Reviewed for you: Hyundai i30
The third-generation Hyundai i30 was a major step ahead of its predecessor. It sits on a new, stronger platform, a roomier body, and gets active safety and locally-tuned steering, ride and handling. Late last year, the top-spec, sporty i30 SR was replaced by the i30 N-Line which borrows styling cues from the hot hatch i30 N, and now there’s an i30 N Fastback in the range. With the i30, there is literally a variant to suit all tastes and budgets.
What’s the price and what do you get?
The Hyundai i30 is available with both petrol and diesel engines with various outputs to choose from. Besides the i30 N Fastback, you can only get the i30 as a hatchback.
Pricing starts at $19,990+ORC for the entry-level GO which is available with either a petrol or diesel engine. Essentially, it’s intended to be a pricing attention grabber. From there, you move to the Active which is priced from $21,090+ORC with a petrol engine or $26,090+ORC with a diesel engine. Both GO and Active can access the cost-option active safety SmartSense pack for $1,750.
Replacing the SR is the N-Line variants of which there are two, and these are only available with a petrol engine. Pricing runs from $26,490+ORC to $34,990+ORC for the N-Line Premium. The Elite and Premium are available with petrol or diesel engines, and priced from $27,790+ORC through to $35,490+ORC.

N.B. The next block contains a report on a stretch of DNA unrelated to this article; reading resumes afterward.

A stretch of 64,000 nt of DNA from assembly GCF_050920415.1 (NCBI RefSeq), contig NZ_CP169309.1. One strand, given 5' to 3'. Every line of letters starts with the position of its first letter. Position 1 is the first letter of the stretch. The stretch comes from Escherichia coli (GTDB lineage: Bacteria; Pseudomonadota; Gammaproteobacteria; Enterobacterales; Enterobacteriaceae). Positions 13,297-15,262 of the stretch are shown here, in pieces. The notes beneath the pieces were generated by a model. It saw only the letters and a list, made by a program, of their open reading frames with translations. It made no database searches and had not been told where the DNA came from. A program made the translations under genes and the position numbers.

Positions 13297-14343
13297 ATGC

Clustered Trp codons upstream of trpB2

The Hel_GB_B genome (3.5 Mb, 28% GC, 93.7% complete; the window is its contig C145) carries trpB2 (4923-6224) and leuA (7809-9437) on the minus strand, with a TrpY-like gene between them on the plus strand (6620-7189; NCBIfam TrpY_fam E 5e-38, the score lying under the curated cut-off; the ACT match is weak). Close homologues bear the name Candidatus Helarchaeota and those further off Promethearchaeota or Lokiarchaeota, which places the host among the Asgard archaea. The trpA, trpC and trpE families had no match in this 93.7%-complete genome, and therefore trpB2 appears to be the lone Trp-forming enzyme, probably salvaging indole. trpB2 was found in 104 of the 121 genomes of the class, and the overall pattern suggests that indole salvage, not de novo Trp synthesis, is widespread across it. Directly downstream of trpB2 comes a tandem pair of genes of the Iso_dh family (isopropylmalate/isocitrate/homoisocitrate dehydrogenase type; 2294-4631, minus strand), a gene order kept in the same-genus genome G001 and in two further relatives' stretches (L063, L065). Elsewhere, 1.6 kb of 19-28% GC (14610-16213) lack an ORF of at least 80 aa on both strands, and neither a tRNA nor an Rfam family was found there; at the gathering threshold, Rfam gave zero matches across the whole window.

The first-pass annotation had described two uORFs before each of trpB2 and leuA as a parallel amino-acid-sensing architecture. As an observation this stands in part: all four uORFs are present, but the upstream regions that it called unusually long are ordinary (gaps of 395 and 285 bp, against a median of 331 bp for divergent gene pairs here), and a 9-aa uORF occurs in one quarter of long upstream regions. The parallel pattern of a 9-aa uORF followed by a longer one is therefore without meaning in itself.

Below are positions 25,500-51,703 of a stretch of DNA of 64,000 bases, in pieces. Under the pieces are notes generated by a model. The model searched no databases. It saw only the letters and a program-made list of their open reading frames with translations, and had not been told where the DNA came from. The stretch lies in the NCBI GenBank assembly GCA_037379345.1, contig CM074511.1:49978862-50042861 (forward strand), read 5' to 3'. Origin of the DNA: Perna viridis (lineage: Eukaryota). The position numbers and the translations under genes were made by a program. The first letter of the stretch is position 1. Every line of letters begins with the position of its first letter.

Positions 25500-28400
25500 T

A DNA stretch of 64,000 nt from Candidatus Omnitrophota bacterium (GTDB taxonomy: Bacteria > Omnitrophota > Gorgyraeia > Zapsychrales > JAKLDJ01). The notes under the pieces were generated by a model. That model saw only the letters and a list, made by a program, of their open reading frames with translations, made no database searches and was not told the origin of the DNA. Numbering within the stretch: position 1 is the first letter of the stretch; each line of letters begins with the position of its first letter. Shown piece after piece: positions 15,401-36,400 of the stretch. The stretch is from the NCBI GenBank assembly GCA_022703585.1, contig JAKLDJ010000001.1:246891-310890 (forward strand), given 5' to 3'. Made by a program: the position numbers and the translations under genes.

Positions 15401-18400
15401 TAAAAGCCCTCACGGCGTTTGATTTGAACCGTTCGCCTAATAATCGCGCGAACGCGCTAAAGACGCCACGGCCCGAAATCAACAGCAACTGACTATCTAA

Right at the top of the tree are the performance-oriented i30 N and i30 N Fastback. Both are priced within $1,000 of one another, $40,490+ORC for the i30 N and $41,990+ORC for the Fastback.
In terms of standard features, depending on the variant, you get things like an 8.0-inch infotainment screen with native sat-nav and Apple and Android connectivity, dual-zone climate control, sunroof, leather interior, active safety, rain-sensing wipers and much more.
What’s interior like?
No matter which i30 you choose they all feel very familiar with lots of quality soft-touch materials. As you move through the range, there are subtle changes like contrast trims and leather seats with contrast stitching, but all the basic controls and switch gear remain the same. There’s excellent storage around the cabin, with cup holders, bins for storing your phone and more besides. Some variants get directional rear air vents and those that don’t have ventilation pipes under the front seats to channel air into the back of the car. In terms of where the i30 sits against key competitors, the interior offers one of the segment’s best layouts with quality materials and fit and finish to rival anything from Europe.
What’s the passenger space like?
The front seats, be they cloth or leather, are comfortable and supportive with good adjustment. Obviously, the performance-oriented variants get a sportier seat with more side bolstering. Over in the back, there’s plenty of room for two adults with good leg and headroom; you could carry three adults in a pinch but the middle seat in the back is perch-like with the centre console eating into legroom.
What’s the boot like?